It is a gratitude Saturday around here because I got a surprise visit from my favorite baby brother of all time! My little tiny eensy teensy baby brother is amazing. And a visit from him is gold. And he doesn’t even mind that I still pretend he’s only 5 years old.
When I was a teen and he was a tyke, we would spend every minute together after my school day. I would pick him up at his little people school and we would drive all around town, visiting my parents at their offices and revisiting my high school where I would check up on the status of high-level high school affairs.
We were a team.
Words are really helpful, in case you hadn’t noticed.
Sometimes it helps to add a word or two. And sometimes it helps to take one or two words away.
For instance, the trash will probably get taken out more better if you say “Can you please take out trash” instead of “Can you please take out the trash sometime in this century?”
And saying “Thank you” is a lot more effective when you leave out the “NOT!” at the end.
And some words are better off being replaced.
For example, compare these two sentences:
“I should put the clothes in the dryer.”
“I will put the clothes in the dryer at the commercial.”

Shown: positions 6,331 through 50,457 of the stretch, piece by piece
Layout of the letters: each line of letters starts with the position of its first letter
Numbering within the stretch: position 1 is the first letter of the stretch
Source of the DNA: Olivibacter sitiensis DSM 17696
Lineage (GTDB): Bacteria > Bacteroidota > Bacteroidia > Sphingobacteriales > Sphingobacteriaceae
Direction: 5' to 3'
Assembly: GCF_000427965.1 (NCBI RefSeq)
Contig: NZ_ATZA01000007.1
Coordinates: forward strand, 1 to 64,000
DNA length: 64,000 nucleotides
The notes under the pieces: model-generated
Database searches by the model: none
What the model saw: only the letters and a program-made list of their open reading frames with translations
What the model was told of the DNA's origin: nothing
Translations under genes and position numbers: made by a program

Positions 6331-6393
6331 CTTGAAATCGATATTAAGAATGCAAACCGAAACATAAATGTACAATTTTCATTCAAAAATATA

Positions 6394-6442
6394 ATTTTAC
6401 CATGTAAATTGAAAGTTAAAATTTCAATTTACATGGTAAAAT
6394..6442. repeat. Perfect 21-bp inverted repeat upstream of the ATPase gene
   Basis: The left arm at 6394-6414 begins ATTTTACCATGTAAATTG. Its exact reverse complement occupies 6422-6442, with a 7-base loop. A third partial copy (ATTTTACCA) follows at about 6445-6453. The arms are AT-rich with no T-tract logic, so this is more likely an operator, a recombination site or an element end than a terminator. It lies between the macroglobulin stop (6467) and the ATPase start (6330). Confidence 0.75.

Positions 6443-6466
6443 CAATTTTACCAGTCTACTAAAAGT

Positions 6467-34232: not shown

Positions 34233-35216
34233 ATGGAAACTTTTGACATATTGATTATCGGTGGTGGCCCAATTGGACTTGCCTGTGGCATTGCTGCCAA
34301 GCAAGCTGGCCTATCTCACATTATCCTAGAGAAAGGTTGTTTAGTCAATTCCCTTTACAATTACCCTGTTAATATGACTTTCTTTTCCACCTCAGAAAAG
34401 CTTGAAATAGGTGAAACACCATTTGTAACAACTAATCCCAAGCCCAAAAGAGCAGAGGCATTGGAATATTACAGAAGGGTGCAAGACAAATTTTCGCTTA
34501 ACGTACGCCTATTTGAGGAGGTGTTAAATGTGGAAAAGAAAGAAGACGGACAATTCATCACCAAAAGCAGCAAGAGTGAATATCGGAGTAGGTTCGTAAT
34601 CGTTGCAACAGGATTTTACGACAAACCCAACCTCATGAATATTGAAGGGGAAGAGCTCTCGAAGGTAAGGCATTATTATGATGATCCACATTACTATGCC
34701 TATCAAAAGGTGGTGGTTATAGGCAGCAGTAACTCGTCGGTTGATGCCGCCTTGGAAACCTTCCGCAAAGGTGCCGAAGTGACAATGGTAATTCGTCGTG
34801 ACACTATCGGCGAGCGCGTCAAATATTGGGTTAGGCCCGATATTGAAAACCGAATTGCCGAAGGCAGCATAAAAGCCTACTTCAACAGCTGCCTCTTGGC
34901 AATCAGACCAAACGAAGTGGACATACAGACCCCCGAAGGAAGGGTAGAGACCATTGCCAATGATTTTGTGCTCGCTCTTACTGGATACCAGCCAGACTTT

It’s easy to see why the word “should” doesn’t work. “Should” isn’t part of a plan or strategy. It’s really just part of a campaign to make yourself feel like you’re failing.
I shouldn’t use the word failing, now should I?
Heh heh heh. Get it?
I try not to use the word should. I try to stick with saying whether I will or I won’t. It’s more honest. And then I don’t get stuck with negative baggage. It’s really negatory to think through the analysis of “I WOULD if I were just stronger, better, faster and more disciplined.”
That’s not a helpful analysis.
As for adding words, there is no better word to add to your sentences than “now” – or it’s cousin phrase “at this time.”
Consider these sentences:
“I can’t do math.”
“I can’t do math at this time.”
People who say “I can’t do math” are basically admitting that they checked out of math in the third grade and haven’t considered trying it again since then. If you’re that person, trying saying to yourself “I can’t math at this time.”
Now seriously, doesn’t that sound ridiculous?
What in the world could possibly keep you from doing math at this time? You’re an adult. You can figure it out.
It’s not rocket science, unless it’s rocket science math.
But if it’s regular math, like figuring out a tip or doubling a recipe, you can do it!
Let’s try another one:
“I can’t help myself.”
That’s a good one.
“I must eat an entire family size box of chocolates. I cannot help myself.”
Really? At this time? You can’t help yourself at this time?
I doubt that’s true.
I bet you really could help yourself if you wanted to help yourself.
Maybe you just don’t want to help yourself. In which case, say the following:
“I cannot help myself because I do not want to help myself.”
But it is what is.
At this time.
The thing about talking to yourself is that most of us do it.
Some of us do it more regularly than others. And we shall remain nameless.
But here’s what I want to know:
Do you talk to yourself when you most need it? And do you know what to say?
The bad news about negative habitual thinking is that it’s negative.
The good news about negative habitual thinking is that it’s habitual.